1. What do you get a history buff that loves to cook? A Salem cookbook of course! What Salem Dames Cooked was originally printed in 1911 to support Salem's Esther C. Mack Industrial School, run by the Woman's Friend Society. It features recipes submitted by local women, as well as classic dishes from cookbooks dating back to 1683. Higginson Book Company has a wonderful selection of rare and out of print local history books. 

2. The Witch House candle by Herbal Candle Co. and History by the Sea captures the essence of this famous first period home using an all-natural essential oil blend of bay, sage, chamomile, and pine. This scent was made in partnership with the museum and is inspired by plants that would have been familiar to colonial life. A portion of proceeds are donated to Historic Salem, Inc. to support historic preservation. 

3. Book lover? Historic Streets of Salem, Massachusetts is the latest book by local author and historian Jeanne Stella. Follow along as the author shares lesser-known tales and unique stories of Salem's well-worn paths. Need more books? Wicked Good Books has everything you need, from local authors to classics, and New York Times best sellers. Support Salem's very own independent book shop this holiday season!

4. The House of the Seven Gables is so much more than a historic house museum, it's a community center, a preservation advocate, and an education hub for immigrants seeking ESL and citizenship classes. Purchasing a membership to The Gables not only gets you access to their gorgeous seaside campus, it gets you invites to events such as their member's only 4th of July celebration, and free or reduced tickets to presentations on local history and social reform. A membership is the perfect gift for any Salem lover.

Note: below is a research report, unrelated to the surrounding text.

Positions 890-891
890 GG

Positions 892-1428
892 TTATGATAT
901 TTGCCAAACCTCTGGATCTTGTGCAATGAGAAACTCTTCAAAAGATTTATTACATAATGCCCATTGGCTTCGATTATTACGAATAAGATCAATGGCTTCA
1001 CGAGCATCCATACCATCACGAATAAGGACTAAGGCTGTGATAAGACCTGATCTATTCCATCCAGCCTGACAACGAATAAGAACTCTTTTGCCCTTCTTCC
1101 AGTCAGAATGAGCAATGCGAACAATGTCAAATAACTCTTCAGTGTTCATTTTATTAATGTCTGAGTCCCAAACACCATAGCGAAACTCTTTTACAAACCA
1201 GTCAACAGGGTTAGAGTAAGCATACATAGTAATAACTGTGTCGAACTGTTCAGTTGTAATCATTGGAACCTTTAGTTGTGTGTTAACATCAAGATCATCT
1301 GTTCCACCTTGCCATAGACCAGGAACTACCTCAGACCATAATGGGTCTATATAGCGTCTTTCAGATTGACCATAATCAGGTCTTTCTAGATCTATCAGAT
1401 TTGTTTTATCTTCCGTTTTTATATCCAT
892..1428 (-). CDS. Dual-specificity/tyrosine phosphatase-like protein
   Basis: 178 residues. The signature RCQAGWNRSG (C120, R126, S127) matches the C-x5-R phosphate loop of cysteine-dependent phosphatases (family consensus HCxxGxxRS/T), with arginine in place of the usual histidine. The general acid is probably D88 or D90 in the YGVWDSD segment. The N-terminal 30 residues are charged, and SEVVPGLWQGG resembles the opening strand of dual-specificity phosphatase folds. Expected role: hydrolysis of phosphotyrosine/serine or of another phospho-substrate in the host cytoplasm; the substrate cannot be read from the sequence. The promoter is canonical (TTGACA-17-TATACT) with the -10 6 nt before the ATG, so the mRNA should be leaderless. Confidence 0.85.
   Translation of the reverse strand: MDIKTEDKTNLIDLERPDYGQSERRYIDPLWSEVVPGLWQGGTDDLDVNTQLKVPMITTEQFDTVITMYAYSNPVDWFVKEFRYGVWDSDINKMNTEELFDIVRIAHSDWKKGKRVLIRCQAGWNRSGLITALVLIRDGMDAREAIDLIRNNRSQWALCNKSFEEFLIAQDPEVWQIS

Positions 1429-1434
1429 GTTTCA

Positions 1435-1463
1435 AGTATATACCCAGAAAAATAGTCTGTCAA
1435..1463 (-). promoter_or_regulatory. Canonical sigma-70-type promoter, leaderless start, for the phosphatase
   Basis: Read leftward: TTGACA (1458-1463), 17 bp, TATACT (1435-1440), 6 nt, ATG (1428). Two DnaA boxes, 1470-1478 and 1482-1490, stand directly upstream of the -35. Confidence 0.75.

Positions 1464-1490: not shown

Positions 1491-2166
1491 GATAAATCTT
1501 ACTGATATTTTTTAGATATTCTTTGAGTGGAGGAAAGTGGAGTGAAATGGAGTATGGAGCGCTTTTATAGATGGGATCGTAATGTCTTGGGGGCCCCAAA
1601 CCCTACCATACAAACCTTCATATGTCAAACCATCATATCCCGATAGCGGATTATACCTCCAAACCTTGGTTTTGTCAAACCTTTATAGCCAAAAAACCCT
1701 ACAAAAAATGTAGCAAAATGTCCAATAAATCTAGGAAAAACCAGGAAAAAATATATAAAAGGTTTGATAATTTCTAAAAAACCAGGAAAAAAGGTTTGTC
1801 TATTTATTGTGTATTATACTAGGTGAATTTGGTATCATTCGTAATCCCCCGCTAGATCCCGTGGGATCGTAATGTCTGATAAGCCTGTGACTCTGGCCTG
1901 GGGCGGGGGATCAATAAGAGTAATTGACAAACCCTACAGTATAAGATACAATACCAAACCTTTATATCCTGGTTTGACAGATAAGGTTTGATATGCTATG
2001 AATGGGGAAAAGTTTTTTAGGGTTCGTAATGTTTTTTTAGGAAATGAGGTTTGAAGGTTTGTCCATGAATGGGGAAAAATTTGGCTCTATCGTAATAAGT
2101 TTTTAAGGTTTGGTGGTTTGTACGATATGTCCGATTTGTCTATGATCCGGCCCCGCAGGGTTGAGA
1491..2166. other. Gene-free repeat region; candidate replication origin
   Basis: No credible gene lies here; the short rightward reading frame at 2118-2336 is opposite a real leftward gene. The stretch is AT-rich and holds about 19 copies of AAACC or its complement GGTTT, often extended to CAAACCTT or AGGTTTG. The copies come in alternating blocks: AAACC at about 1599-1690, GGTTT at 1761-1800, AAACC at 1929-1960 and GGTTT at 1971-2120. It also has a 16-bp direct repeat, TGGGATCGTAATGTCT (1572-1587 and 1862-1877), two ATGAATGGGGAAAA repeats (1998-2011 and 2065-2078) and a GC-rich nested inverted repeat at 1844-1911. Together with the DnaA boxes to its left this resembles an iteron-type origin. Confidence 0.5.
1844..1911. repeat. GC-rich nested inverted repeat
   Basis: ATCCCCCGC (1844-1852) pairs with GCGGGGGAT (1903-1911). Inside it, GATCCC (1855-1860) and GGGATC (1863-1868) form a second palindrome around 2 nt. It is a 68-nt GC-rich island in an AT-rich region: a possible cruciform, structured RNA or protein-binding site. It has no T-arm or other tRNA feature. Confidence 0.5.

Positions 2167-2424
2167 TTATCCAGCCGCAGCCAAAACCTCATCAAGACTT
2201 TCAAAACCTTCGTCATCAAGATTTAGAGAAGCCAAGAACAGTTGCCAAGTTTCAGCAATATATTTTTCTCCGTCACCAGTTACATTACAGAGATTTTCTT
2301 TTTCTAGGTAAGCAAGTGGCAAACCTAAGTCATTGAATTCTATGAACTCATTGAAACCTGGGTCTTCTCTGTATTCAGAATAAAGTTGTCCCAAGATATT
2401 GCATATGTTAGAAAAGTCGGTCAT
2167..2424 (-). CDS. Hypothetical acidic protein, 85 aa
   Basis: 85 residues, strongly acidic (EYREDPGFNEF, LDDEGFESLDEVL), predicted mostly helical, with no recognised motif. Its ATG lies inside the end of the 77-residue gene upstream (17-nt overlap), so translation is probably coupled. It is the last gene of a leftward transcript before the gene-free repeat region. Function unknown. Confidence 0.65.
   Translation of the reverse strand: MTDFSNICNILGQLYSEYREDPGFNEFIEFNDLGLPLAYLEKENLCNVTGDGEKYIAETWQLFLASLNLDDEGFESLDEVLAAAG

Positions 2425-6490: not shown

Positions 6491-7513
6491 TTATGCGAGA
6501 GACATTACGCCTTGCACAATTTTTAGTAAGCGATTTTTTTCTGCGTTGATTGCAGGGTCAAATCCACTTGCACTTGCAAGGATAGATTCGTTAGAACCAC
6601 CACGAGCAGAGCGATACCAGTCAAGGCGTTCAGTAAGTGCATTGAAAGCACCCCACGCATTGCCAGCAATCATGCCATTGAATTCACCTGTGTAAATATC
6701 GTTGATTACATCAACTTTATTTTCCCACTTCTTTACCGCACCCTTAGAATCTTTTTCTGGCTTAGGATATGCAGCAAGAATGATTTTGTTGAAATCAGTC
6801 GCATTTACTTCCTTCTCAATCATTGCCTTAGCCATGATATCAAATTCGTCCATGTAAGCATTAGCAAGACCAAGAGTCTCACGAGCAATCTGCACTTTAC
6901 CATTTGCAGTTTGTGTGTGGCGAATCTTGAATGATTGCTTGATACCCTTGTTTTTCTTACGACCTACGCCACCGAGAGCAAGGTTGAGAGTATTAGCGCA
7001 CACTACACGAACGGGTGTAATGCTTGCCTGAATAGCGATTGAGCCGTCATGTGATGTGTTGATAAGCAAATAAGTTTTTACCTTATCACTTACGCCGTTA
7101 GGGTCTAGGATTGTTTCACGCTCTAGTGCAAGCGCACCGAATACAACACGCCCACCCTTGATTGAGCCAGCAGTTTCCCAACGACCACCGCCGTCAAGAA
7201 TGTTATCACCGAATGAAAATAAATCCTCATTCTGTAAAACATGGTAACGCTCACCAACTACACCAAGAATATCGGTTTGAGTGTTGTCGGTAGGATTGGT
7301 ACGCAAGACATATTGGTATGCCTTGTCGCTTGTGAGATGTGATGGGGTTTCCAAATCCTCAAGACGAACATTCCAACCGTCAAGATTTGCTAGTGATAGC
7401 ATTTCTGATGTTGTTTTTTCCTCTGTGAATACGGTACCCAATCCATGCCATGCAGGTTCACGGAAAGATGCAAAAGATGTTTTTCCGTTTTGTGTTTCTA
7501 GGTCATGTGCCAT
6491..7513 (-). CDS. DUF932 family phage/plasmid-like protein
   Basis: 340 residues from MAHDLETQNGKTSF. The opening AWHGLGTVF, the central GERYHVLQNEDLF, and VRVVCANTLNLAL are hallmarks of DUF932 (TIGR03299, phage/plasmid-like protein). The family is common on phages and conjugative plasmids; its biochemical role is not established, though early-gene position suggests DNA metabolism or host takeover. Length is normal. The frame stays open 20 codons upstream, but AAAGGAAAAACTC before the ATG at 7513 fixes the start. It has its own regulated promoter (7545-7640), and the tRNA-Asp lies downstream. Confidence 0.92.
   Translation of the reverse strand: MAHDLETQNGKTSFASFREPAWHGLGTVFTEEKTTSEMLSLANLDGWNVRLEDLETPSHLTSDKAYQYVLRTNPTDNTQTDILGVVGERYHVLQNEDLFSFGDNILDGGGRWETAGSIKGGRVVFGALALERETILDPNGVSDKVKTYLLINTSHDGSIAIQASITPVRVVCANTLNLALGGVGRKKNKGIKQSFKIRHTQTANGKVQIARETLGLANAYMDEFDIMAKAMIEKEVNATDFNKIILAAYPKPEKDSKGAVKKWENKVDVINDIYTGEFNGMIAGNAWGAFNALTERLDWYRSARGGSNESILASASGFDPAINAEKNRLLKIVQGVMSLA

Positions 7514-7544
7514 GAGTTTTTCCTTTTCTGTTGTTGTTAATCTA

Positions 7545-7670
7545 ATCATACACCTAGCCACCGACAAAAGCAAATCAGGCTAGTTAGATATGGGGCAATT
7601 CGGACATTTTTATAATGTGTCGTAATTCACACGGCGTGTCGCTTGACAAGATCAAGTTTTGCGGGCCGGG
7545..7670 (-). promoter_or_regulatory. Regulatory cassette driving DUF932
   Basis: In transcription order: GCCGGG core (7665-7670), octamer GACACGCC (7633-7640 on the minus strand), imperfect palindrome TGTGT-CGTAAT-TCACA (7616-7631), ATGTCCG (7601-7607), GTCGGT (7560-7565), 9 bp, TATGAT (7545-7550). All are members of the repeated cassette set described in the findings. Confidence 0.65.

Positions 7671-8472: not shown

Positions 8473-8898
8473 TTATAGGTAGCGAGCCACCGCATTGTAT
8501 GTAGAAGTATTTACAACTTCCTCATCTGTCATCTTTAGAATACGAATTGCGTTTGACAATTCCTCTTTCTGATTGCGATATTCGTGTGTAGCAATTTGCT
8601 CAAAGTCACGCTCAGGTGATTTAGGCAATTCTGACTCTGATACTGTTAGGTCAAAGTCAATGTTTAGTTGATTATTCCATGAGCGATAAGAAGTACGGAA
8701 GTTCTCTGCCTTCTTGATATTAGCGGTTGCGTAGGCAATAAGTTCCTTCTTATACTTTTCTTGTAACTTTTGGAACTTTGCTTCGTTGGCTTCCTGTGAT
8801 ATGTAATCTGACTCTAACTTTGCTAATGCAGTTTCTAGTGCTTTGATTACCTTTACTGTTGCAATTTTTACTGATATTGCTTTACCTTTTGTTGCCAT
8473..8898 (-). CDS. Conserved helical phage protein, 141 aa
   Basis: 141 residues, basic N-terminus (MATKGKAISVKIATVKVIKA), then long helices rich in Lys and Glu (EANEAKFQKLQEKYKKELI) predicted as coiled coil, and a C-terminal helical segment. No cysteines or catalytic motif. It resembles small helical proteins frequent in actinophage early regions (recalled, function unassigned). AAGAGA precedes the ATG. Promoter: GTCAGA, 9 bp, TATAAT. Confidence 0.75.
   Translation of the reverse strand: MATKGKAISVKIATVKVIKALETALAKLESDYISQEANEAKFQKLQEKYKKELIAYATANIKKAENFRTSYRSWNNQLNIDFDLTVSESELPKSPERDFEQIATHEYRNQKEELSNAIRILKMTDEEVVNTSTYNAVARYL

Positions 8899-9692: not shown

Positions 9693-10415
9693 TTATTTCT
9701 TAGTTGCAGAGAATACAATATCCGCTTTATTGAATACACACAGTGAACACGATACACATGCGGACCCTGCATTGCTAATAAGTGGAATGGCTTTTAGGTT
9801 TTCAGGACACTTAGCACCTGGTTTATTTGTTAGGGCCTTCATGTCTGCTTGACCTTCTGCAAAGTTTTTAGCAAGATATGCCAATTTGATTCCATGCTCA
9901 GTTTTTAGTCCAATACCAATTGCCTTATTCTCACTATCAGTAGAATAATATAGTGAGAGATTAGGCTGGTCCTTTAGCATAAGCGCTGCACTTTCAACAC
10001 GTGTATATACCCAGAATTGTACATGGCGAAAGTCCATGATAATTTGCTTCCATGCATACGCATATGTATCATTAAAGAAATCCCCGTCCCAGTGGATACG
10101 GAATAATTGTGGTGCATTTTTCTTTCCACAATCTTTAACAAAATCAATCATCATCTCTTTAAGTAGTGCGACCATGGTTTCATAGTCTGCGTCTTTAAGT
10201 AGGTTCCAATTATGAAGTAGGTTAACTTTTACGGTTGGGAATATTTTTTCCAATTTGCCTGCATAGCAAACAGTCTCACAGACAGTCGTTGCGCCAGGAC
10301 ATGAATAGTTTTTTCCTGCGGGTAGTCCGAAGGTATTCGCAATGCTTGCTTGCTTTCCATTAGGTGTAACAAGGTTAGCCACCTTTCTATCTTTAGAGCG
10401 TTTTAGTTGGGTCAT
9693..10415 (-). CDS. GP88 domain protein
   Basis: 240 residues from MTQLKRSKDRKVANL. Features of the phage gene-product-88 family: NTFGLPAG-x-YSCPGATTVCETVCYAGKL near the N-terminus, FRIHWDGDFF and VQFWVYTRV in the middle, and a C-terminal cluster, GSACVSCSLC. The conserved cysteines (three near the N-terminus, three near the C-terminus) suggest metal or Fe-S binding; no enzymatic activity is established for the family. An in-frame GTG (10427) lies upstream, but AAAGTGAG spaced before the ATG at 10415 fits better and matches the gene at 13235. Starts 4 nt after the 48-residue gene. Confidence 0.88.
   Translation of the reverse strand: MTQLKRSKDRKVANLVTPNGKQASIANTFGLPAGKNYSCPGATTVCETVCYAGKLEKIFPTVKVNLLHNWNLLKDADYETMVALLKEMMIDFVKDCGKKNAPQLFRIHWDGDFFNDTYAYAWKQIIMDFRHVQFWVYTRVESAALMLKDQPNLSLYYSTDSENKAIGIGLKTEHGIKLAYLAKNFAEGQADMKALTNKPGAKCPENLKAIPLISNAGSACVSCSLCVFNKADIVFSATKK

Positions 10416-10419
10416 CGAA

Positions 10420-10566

5. Want to support Salem's oldest businesses, while eating some delicious snacks? Ye Old Pepper Candy Companie's Gilbralters and Black Jacks are a great way to indulge in 19th century Salem and they make great stocking stuffers. Love finding popcorn tins under the tree? Get a batch of E.W. Hobb's world-renowned popcorn. They've been making Salem's favorite treat since 1897.

What We've Lost - Salem, Massachusetts

Salem, MA, USA

25 Carlton Street (Built c. 1803)

In June 2015, my then soon-to-be husband and I made the move from my childhood home on Cape Cod to the “Witch City.” At that point, I had been visiting Salem for eight years and like many, had fallen in love with the city’s charm. The winding streets with ancient architecture and vast waterfront all beckoned to be explored. The energy of the seasonally crowded streets and magic of the brick lined promenades made moving to Salem irresistible. We settled in the Historic Derby Street Neighborhood, just steps away from The House of the Seven Gables, where we got engaged a few months earlier.  Prior to moving to our new neighborhood, I began researching the area to quell my excitement.